Art In Chester-le-Street, County Durham
A sculpture called Old King Coal celebrating the area's proud coal mining history.
If you have cycled along the Sustrans C2C route then may have seen this piece of art. This is Old King Coal (or sometimes just King Coal) and was built using stone from the dismantled Consett railway station bridge and bricks from old kilns. The crown was finally supplied by British Coal.
Designed by David Kemp (the lad who built the Old Transformers), it was similarly created to celebrate the industrial expertise and history of the region and was constructed with the help of local volunteers and redundant miners and steelworkers.
Director and chief engineer of Sustrans, John Grimshaw, was commissioned to build a series of milestone and landmark sculptures throughout the cycle network using discarded materials. The landmarks are fabricated to showcase the history of the surrounding area and how it has changed over time.
Old King Coal was completed on 15 October 1992 which by sheer coincidence, was the very day of the announcement of the closure of the last pits in Durham.
Both Old King Coal and the Old Transformers are along the C2C cycle path, so if you are on two wheels then it's a short 13km pedal between them. A further 5km onwards and you will find Terris Novalis.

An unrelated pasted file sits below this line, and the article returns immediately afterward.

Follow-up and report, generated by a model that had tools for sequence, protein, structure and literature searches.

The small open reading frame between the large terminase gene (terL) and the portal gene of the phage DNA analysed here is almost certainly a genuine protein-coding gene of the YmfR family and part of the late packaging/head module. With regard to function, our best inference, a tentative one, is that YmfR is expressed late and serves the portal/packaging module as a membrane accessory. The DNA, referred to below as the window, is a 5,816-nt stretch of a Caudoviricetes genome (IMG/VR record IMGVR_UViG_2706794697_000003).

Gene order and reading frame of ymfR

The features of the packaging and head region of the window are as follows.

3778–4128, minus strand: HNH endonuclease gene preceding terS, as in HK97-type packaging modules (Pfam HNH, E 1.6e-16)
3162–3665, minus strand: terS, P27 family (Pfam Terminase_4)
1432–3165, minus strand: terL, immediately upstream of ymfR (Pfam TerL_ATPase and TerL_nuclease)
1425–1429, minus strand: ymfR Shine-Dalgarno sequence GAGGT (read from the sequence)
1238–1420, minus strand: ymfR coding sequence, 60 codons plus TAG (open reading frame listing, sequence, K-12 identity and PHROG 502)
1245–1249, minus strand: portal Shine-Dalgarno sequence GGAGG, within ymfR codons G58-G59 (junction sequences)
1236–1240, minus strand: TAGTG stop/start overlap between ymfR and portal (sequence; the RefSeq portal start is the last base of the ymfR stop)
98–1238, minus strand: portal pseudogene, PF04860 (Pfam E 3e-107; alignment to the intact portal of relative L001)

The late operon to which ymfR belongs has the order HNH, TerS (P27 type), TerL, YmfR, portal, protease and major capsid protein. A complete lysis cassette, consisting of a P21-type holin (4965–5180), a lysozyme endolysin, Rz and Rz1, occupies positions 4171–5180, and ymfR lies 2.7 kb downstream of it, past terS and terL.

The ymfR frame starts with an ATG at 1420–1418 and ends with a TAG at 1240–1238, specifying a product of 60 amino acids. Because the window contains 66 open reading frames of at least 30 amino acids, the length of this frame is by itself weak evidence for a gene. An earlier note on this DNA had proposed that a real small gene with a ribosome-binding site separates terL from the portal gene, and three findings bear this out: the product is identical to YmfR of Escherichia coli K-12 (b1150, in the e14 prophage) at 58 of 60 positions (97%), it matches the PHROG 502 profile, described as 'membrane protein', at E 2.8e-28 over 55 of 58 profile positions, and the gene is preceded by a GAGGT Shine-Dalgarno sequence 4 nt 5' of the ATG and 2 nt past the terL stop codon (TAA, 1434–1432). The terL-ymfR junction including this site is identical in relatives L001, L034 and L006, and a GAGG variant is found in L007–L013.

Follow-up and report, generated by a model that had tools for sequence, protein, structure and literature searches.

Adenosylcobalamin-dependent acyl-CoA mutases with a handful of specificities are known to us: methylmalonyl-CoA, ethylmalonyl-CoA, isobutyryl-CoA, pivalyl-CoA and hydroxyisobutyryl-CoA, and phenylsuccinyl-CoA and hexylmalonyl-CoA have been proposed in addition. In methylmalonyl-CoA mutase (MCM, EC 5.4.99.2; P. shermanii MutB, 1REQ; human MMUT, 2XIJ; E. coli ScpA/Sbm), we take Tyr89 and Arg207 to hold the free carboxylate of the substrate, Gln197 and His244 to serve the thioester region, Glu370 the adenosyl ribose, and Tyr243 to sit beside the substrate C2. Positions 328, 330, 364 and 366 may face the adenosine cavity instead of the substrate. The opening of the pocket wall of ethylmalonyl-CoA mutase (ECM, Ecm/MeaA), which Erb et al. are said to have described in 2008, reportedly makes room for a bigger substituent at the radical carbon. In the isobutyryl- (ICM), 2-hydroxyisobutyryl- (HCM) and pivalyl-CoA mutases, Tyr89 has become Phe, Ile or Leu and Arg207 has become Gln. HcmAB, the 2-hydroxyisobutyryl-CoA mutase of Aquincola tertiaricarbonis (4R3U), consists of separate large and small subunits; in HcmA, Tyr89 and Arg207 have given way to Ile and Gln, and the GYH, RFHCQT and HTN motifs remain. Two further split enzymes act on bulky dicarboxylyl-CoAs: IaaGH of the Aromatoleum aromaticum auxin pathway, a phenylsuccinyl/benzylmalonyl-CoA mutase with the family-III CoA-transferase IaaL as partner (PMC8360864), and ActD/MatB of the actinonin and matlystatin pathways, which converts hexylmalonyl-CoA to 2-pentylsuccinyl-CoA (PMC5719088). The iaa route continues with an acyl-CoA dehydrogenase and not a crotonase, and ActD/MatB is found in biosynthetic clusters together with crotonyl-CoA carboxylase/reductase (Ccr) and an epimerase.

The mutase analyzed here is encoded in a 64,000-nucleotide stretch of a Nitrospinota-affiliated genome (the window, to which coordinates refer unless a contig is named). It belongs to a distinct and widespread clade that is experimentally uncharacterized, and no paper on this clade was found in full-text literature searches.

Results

For those wondering why all the photos are from a similar angle, there was a whacking industrial estate the other side of the cycle path, which wasn't as picturesque ??
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Head right out of the car park and down the road as it slopes down. After a minute's walk there is a dirt track heading up a slope on the left. Head up that and you are now on the C2C cycle path. You will see Old King Coal on your right.
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There is a nearby public car park just a short 2 minute away.
Contributed by Simon Hawkins
Thanks for checking out this place on the Fabulous North! I do enjoy a wander out in to the countryside trying to find hidden gems that not many people know about. You can't beat a rogue Pele tower up a remote hill or a mysterious stone circle or a stunning waterfall secluded in a forest.
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